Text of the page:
This colonizing expedition was the first royally-financed colonial expedition to attempt the settlement of Florida, and also the first such colony to be staged from Mexico. With a total of eleven ships and 1,500 soldiers and colonists, it was also the largest to date. The expedition's ultimate goal was to head off an anticipated French settlement by establishing a Spanish colony at Santa Elena along the modern South Carolina coast (originally visited and named in the leadup to the Ayllón debacle). However, the strategy adopted was first to establish a colonial town along the northern Gulf coast at modern Pensacola Bay (then called Ochuse), and push inland to the famed Native American chiefdom of Coosa visited by the Soto expedition, and finally eastward to Santa Elena on the Atlantic coast. Only five weeks after landing, however, the expedition's fleet (and much of it's food onboard) was devastated by a hurricane, and the next two years were marked by attempts to stave off starvation, including the relocation of the bulk of the colonists inland to central Alabama, the dispatch of soldiers to Coosa in northwest Georgia in search of food, and multiple resupply expeditions from Veracruz. Most of the colony departed by the time Luna's replacement Angel de Villafañe sailed for Havana and Santa Elena in 1561, but the last remnants were finally withdrawn following the return of the failed Villafañe expedition below.
Angel de Villafañe, 1561
This exploratory expedition departed from Havana with four ships and about 100 men (not counting an additional ship that sailed later), and briefly explored along the Atlantic coast in the vicinity of Santa Elena, in fulfillment of the original order for the Luna expedition. Beset by storms that sank two of the ships, the expedition failed to leave a Spanish presence at Santa Elena.
Jean Ribault, 1562-1563
This first French exploratory expedition to Florida contained three ships cruised along the Florida, Georgia, and South Carolina coastlines before leaving a small garrison of 28 men in the newly-constructed Charlesfort at Santa Elena (Parris Island). The fort was abandoned in 1563 when the survivors decided to return to France.
Hernando Manrique de Rojas, 1564
This Spanish exploratory expedition was sent north from Cuba in search of evidence of the rumored French settlement, and cruised the Georgia and South Carolina coast during the summer before finding the ruins of Charlesfort at Santa Elena, along with a sole French survivor who would later act as an interpreter for Spanish settlers.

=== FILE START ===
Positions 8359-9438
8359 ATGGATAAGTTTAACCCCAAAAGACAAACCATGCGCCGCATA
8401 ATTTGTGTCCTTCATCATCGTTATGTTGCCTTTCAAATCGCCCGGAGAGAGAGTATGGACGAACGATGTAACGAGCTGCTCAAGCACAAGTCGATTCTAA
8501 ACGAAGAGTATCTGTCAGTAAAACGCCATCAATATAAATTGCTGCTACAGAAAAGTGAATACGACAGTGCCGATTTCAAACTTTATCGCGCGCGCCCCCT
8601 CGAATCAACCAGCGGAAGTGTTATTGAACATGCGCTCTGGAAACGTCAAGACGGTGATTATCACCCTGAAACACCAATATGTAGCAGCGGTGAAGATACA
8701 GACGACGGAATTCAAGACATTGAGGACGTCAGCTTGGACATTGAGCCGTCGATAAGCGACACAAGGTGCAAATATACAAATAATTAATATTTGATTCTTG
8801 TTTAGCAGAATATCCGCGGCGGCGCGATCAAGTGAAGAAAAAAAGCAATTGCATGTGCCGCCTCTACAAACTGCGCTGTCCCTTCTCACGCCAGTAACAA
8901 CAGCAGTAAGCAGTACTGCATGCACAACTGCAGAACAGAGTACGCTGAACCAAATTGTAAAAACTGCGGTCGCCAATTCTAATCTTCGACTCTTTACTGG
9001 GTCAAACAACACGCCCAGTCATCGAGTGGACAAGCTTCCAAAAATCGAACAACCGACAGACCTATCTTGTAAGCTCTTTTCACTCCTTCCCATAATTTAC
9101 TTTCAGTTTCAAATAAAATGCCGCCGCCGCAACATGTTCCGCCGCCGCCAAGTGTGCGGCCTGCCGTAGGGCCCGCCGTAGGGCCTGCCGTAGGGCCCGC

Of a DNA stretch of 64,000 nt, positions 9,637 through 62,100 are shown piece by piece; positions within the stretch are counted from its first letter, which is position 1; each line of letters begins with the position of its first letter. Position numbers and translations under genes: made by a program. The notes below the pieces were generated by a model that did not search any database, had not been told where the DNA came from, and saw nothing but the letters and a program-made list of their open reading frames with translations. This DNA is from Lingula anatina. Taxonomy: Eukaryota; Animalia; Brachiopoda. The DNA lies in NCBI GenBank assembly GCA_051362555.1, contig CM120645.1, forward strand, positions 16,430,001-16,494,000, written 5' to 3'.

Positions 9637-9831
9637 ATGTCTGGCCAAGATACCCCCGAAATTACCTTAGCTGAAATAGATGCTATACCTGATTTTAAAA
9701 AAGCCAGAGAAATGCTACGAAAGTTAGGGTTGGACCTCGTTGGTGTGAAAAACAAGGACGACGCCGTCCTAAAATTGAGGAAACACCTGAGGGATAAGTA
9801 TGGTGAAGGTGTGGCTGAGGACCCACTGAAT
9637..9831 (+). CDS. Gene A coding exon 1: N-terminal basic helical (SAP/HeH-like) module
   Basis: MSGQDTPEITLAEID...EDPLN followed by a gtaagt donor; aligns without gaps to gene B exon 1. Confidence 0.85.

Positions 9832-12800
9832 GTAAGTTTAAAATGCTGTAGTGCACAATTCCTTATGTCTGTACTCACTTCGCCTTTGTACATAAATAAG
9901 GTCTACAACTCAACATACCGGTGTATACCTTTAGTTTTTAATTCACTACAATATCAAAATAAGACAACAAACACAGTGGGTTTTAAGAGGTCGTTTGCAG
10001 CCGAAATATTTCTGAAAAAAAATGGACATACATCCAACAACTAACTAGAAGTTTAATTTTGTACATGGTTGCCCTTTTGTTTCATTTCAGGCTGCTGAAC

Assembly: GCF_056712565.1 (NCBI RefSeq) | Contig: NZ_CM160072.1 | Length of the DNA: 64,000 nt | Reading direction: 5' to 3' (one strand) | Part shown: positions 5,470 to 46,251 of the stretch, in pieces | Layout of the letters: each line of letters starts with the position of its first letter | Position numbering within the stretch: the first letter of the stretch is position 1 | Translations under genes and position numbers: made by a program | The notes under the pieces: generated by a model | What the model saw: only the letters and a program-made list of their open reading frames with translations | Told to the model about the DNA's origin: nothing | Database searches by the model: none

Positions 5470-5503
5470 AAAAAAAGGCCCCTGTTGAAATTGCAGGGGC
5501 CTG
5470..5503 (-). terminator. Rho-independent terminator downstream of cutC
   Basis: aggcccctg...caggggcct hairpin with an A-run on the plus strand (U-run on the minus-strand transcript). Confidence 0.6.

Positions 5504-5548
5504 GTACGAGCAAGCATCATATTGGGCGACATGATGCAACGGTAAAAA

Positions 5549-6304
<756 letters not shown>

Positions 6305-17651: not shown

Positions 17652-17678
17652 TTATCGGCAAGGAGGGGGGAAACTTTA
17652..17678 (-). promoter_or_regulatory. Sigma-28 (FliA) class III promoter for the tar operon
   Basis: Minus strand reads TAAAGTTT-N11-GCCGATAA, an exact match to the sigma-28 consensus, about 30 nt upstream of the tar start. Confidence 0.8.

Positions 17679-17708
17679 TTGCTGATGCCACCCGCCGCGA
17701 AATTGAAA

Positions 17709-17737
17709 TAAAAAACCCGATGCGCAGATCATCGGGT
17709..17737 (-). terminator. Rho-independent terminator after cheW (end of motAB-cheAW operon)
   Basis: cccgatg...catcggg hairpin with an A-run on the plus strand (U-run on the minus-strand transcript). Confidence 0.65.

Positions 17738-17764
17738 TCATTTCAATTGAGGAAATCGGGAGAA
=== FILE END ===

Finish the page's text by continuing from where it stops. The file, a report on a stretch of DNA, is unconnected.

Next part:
René de Laudonnière, 1564-1565
This French colonial expedition established a garrisoned fort near the mouth of the St. Johns River near modern Jacksonville, Florida, where Jean Ribault had visited two years previously. Three ships containing some 300 men landed in June, quickly constructing Fort Caroline along the river. Over the course of the next year, the colony interacted extensively with surrounding Native Americans, but lack of supplies left them in a precarious position by the time an English fleet traded badly-needed supplies for most of the French cannons. When French supplies and reinforcements finally arrived under Jean Ribault in August, Spanish forces under Pedro Menéndez had already landed to the south, ultimately leading to the annihilation of the French colony.
Pedro Menéndez de Avilés, 1565
The final (and only successful) Spanish expedition to colonize Florida was financed by both royal and private funds, and was led by Pedro Menéndez de Avilés. Five ships and some 800 soldiers and colonists arrived along the northeast coast of Florida in late August, where they ultimately slaughtered much of the French colonial force before establishing St. Augustine, which would become the first permanent European colonial city in Florida. From this port and administrative center, colonial Spanish Florida would grow over the course of the following decades, up to and including the short-lived Spanish town of Santa Elena (1566-1587) and three-succesive Veracruz-based Spanish presidios at Pensacola Bay (after 1698).